The committee recommends that the Commonwealth Electoral
Act 1918 be amended, as necessary, to include the following:
require political parties and associated entities to classify their receipts
exceeding the disclosure threshold as ‘donations’ or ‘other receipts’;
include an adequate definition of ‘donation’ and ‘other receipt’; and
make the requisite changes to the enforcement and investigation provisions to
allow the Australian Electoral Commission to investigate and enforce these
Frequency of reporting
The issue of the frequency of disclosure featured prominently in the
submissions to the inquiry and subsequent discussion by the committee. There
were four key themes that emerged from the submissions in relation to reporting
n The issue of
contemporaneous or continuous disclosure, whereby parties disclosure their
receipts of donations as they are received;
n The possibility of
requiring political parties to submit weekly ‘donation reports’ during election
periods, disclosing all donations received that week;
n The possibility of
requiring political parties to disclose on a six-monthly instead of annual
n Special reporting
arrangements for large donations.
The Commonwealth disclosure scheme as it currently stands in Part XX of
the Electoral Act, requires annual disclosure by political parties, associated
entities, donors and third parties. Separate returns for candidates, Senate
groups and donors to these are also required for each federal election and
The current disclosure scheme is based on ex post facto reporting
and electors do not know the sources of party finances until well after an
election. For example, details of donations to political parties made during
the period leading up to the 2010 federal election may not be publicly
available until February 2012.
Contemporaneous or continuous disclosure
The concept of contemporaneous disclosure involves compelling political
parties to publicly disclose aspects of their finances continuously, including
disclosing donations as they are received. The rationale underpinning such
proposals is that it allows electors to be aware of sources of party funding
immediately, and, importantly, before they must cast their vote. The AEC noted
in its submission that a shift from ex post facto reporting to
contemporaneous disclosure would require a ‘fundamental shift in the philosophy
underpinning the legislative approach to political funding’.
Associate Professor Ken Coghill from the Accountability Round Table
observed that in NSW, political parties were already required to keep most of
the information required for an effective system of contemporaneous disclosure.
He advised the committee that at a workshop in July 2011 on the Challenges of
Electoral Democracy, the deputy director of the Liberal Party New South Wales
branch indicated that their branch was required to do exactly that sort of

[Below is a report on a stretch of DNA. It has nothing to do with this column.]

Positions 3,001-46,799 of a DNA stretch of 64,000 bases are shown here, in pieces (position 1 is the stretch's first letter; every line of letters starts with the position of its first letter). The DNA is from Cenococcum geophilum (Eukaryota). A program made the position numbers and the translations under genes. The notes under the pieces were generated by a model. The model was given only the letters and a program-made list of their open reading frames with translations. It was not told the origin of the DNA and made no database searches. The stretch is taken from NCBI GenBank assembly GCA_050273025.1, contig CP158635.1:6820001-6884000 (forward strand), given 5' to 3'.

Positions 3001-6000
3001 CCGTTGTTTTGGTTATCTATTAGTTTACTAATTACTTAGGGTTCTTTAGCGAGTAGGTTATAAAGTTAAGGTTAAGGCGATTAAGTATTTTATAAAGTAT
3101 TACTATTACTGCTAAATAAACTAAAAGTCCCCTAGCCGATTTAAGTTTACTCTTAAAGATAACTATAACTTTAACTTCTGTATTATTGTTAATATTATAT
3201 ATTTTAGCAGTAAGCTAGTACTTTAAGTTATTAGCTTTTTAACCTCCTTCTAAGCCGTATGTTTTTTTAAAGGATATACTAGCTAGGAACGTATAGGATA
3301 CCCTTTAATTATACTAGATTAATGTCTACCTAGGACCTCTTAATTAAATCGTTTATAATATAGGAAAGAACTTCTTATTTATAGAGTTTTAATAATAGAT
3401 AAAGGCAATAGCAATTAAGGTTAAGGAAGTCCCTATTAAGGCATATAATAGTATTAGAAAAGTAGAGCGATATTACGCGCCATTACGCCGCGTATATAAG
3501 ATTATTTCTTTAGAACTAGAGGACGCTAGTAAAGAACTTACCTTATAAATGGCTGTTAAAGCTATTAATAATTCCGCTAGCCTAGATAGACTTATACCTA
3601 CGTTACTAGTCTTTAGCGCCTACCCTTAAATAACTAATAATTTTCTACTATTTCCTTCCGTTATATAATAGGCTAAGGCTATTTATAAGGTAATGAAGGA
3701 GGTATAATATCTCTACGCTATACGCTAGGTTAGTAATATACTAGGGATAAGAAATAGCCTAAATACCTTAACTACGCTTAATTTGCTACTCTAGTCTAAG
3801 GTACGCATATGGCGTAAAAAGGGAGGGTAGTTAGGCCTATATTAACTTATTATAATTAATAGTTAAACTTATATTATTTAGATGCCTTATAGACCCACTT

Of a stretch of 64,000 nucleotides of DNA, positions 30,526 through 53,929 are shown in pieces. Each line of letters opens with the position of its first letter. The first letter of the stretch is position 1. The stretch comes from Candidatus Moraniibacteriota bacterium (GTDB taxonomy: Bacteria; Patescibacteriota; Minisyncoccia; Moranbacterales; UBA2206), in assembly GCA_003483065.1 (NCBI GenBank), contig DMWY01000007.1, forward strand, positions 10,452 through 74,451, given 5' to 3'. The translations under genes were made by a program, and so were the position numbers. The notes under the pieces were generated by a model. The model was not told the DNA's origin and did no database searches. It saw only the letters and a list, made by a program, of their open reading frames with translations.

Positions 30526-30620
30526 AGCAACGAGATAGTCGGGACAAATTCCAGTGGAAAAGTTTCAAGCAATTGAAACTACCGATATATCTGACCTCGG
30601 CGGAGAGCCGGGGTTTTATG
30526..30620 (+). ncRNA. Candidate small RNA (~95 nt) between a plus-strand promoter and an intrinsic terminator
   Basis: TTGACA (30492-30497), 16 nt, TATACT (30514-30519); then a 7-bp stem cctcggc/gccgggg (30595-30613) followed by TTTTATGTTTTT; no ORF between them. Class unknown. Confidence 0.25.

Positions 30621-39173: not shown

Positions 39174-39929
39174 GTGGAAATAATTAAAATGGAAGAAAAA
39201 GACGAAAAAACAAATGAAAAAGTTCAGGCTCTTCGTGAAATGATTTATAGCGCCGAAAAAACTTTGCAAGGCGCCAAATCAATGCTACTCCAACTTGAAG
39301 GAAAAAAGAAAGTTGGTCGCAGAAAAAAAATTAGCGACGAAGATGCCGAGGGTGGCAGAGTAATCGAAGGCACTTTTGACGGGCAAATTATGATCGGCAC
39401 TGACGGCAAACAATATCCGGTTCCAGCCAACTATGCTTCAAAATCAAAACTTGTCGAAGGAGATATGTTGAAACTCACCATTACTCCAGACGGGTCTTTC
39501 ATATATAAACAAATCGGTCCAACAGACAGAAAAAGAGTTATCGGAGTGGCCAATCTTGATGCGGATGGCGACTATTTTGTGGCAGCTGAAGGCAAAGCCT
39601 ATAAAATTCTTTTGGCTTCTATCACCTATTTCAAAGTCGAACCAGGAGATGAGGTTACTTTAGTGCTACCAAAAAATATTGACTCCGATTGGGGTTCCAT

record keeping for their own internal purposes for compliance with the
provisions of the New South Wales legislation on disclosure of donations and
expenditure of funds. Associate Professor
Coghill concluded that:
...we have now got the evidence that that is technically
possible. It is not an administrative difficulty, at least not for the New
South Wales branch of the Liberal Party, and presumably not for any other
The Democratic Audit of Australia raised the example of the online
system used by the New York City Campaign Finance Board as an example of a
contemporaneous disclosure system that could be used as a guide at the
Commonwealth level. That system allows the
user to search for donations by election cycle, candidate name and contributor
first name or last name. The Democratic Audit also identified the desirability
of contemporaneous disclosure systems operating alongside fixed election dates.
The Australian Greens expressed support for the temporary maintenance of
the current annual disclosure period, but stated that this should act as a
measure to provide the AEC with time to develop software that would facilitate
contemporaneous disclosure of donations of $1 000 or more on the internet by
political parties, donors, candidates, associated entities and third parties.
The Australian Greens also recommended that all disclosure by political parties
should be required to be made online.
When questioned about the time it would take to implement an electronic
system to facilitate a shift to contemporaneous disclosure, the AEC advised that
its existing e-returns portal had been designed to account for the potential
for contemporaneous reporting. It stated that it may take approximately 12
months for the required work to be done to allow the current system to
facilitate a legislative shift to contemporaneous disclosure.
In relation to the costs to the AEC in building the system to facilitate
the administration of a contemporaneous disclosure scheme and the cost to those
with disclosure obligations, the AEC explained that:
There are the investment costs in building the system and
then, assuming that system lasts for many years, ultimately the investment is
defrayed over many years. That applies both to the AEC as well as to parties
and other organisations that would have to adjust their systems to enable that
online disclosure to occur.
The AEC further stated in relation to the issue of the costs associated
with such a system:
There will be a certain level of ongoing business costs and
also ongoing staff costs. But certainly the significant costs would be the
initial establishment of the system.
On a related matter, the AEC raised the issue of the limitation period
on prosecution for offences under Part XX of the Electoral Act. It argued that